Ayelet Waldman's 'Red Hook Road,' reviewed by Ron Charles

By Ron Charles
Wednesday, July 21, 2010


By Ayelet Waldman

Doubleday. 343 pp. $25.95

One of my favorite Joyce Carol Oates novels -- "The Falls" -- opens with the groom drowning a few hours after his wedding night. Now, Ayelet Waldman cuts the honeymoon even shorter: In her new novel, "Red Hook Road," the groom and the bride die in a traffic accident between the church and the reception. Anyone hoping to push this grim sub-genre further will have to slay the newlyweds at the altar. But whereas Oates uses that nuptial tragedy for her own weird brand of macabre comedy, Waldman sometimes seems engaged in an act of emotional masochism. It's hard to look away, even when you can smell the burning rubber of such expert manipulation.

Fittingly, "Red Hook Road" begins with the taking of the wedding photos, that tense herding of giddy bridesmaids, hungover groomsmen and anxious parents when the artificiality of the marriage ceremony is spun to its highest sugary peaks. Waldman applies a dollop of satire, but the summer day could not be more lovely: The white clapboard church along the Maine shore, the carefully restored reception hall, the sumptuous food, all of it has been expensively arranged with "a kind of rustic opulence, at once simple and glorious." The better to wound us on page 34 when the groom's brother stumbles in "ashen, his bow tie askew," causing the bride's sister to stand "frozen in place, as if nailed to the ground." (Tragically, in moments of real drama, Waldman steers directly into oncoming cliches.)

Not to speak ill of the dead, but it would have been nice if the late groom and his brief wife hadn't been such paragons of romantic bliss. Sweethearts since they were 16, Becca and John are the kindest, smartest, prettiest couple you'd ever want to meet: She plays the violin; he designs yachts. I expected bluebirds to bring the veil.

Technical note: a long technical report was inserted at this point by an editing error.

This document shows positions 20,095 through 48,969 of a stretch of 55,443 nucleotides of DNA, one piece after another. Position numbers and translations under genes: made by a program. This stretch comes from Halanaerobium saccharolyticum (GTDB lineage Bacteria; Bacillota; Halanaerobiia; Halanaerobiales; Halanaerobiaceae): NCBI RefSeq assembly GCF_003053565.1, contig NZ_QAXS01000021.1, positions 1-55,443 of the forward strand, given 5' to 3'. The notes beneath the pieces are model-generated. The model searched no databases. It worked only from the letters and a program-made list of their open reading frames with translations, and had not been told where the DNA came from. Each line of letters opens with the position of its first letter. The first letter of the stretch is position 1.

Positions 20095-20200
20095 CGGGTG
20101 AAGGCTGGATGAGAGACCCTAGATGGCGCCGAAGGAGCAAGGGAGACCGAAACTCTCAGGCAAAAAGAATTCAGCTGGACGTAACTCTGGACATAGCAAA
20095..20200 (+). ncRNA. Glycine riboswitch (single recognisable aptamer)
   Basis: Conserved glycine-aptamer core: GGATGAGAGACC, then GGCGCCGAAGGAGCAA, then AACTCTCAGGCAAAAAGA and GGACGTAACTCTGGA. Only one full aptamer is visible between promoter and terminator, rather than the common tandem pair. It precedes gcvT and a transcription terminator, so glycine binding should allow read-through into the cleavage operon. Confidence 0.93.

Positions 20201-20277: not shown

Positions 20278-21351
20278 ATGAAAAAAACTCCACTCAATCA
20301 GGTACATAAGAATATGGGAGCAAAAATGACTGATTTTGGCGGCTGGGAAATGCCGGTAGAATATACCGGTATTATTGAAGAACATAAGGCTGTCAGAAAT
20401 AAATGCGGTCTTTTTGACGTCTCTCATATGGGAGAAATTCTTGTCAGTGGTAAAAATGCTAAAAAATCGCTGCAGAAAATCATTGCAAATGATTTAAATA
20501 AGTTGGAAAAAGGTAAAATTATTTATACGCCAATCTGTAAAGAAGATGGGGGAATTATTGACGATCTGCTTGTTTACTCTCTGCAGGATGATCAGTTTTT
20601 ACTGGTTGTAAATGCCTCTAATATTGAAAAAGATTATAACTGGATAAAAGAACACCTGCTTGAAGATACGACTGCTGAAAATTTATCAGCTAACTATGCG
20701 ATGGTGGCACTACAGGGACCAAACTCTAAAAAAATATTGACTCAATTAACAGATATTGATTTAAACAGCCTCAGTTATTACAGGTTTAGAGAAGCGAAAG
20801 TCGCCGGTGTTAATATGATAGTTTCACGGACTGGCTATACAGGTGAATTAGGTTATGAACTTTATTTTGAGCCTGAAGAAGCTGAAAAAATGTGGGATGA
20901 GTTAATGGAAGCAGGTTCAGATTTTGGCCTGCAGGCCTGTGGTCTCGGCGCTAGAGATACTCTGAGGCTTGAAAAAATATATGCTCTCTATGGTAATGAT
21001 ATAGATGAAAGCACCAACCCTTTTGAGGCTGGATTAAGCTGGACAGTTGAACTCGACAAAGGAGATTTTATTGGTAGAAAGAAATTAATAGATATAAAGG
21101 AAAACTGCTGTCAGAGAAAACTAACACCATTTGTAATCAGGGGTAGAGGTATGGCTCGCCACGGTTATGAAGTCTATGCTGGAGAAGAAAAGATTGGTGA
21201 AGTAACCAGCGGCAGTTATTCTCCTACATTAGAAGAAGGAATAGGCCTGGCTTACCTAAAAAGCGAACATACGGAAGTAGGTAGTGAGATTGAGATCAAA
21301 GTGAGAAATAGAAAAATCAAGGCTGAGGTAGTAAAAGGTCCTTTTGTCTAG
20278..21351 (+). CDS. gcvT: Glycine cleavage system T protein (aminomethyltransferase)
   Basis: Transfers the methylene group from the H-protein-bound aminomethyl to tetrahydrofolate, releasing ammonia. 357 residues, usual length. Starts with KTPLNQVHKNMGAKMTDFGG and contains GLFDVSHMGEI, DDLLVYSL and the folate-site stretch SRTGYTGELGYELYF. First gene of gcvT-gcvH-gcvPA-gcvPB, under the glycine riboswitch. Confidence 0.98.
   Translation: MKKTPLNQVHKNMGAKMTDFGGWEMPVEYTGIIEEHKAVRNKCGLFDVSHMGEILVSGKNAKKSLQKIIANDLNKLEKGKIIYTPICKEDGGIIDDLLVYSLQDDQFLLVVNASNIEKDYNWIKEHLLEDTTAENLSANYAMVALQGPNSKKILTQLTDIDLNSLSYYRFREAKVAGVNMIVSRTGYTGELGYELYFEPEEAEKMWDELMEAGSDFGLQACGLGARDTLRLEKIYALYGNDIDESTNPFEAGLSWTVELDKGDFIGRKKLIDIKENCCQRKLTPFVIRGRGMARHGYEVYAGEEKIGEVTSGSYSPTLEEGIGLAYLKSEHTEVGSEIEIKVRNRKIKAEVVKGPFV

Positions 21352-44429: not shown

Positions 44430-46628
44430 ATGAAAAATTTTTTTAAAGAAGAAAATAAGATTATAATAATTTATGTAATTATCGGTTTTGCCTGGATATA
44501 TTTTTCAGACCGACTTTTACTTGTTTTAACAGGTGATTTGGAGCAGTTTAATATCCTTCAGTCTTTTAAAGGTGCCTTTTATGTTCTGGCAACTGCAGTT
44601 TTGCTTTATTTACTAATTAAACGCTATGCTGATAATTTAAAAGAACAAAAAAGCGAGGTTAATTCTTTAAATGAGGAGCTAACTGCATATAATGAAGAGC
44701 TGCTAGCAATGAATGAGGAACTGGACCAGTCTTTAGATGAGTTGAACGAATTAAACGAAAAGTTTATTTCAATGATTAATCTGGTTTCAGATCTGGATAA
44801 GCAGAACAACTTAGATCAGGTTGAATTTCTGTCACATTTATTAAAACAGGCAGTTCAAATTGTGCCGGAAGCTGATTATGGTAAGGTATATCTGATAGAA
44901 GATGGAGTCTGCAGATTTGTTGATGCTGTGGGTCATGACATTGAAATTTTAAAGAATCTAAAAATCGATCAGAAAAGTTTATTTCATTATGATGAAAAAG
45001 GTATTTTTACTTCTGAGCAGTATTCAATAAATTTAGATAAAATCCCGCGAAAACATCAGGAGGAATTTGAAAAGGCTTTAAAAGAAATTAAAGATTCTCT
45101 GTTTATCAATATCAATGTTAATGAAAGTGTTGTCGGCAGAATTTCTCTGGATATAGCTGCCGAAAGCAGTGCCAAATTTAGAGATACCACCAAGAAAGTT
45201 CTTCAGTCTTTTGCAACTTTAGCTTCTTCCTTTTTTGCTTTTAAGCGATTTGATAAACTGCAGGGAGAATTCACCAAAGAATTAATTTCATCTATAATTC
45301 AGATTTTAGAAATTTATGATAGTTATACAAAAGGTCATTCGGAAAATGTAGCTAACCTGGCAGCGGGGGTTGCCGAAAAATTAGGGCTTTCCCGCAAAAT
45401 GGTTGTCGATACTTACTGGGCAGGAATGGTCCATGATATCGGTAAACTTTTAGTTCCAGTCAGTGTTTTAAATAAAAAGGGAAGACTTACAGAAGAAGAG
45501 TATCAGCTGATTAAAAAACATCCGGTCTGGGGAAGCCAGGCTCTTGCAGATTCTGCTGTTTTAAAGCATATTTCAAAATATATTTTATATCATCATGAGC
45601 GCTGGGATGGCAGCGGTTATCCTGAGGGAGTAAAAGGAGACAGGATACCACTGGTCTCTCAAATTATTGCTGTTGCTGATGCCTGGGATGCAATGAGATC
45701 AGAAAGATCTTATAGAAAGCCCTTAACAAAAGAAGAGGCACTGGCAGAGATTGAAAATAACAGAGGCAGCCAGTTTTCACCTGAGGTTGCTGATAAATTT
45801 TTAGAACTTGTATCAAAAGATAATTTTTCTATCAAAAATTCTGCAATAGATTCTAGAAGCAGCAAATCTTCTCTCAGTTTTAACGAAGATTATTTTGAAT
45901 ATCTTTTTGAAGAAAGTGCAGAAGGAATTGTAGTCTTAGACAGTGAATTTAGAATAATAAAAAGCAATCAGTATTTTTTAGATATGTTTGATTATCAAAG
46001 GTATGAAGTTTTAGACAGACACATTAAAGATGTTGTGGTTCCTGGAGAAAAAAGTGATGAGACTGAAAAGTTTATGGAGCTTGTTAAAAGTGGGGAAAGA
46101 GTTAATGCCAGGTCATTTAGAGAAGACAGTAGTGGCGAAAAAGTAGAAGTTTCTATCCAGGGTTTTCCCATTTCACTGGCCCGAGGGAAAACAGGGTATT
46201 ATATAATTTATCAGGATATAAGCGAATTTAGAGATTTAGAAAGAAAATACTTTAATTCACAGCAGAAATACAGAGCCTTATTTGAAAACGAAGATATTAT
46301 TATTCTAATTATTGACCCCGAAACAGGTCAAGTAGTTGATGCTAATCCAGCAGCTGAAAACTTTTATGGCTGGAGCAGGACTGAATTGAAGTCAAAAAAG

Of course, Waldman knows a thing or two about perfect unions herself. Five years ago, this Harvard-trained lawyer rubbed our faces in her fairy-tale marriage to America's hippest writer, Pulitzer Prize-winner Michael Chabon. She published an essay proclaiming that she'd rather have sex with Chabon -- "always vital, even torrid" -- than build Lego castles with her kids (who wouldn't?). Then, per the standard PR routine, she feigned shock and disappointment when that column established her as the infamous "Bad Mother" of a thousand op-eds, blog postings and the inevitable Oprah appearance. And last year she published an unapologetic collection called "Bad Mother: A Chronicle of Maternal Crimes, Minor Calamities, and Occasional Moments of Grace."

Since she gave up her law career, most of what Waldman has published has been about motherhood, including the snappy books in her "Mommy-Track" mystery series. But while her nonfiction is often witty, her recent novels reflect the lingering agony of her decision to terminate a pregnancy after learning that her fetus carried a genetic defect. The mother in her previous novel, "Love and Other Impossible Pursuits" (2006), has lost her baby to SIDS. And now, "Red Hook Road" focuses on two mothers who lose their adult children on what was to be the happiest day of their lives.

I never realized it before, but my shelves are depressed by a wide range of fine novels about grief, a catalogue of smothered pain that includes Elizabeth Strout's "Abide With Me," Kiara Brinkman's "Up High in the Trees," Sue Miller's "Lake Shore Limited," Francine Prose's "Goldengrove" and even offbeat novels like Alice Sebold's "The Lovely Bones," Stephen King's "Lisey's Story" and Reif Larsen's "The Selected Works of T.S. Spivet." Ask your friends what novel provided a sounding board for their sorrow, and you'll be surprised by how many shades of black there are.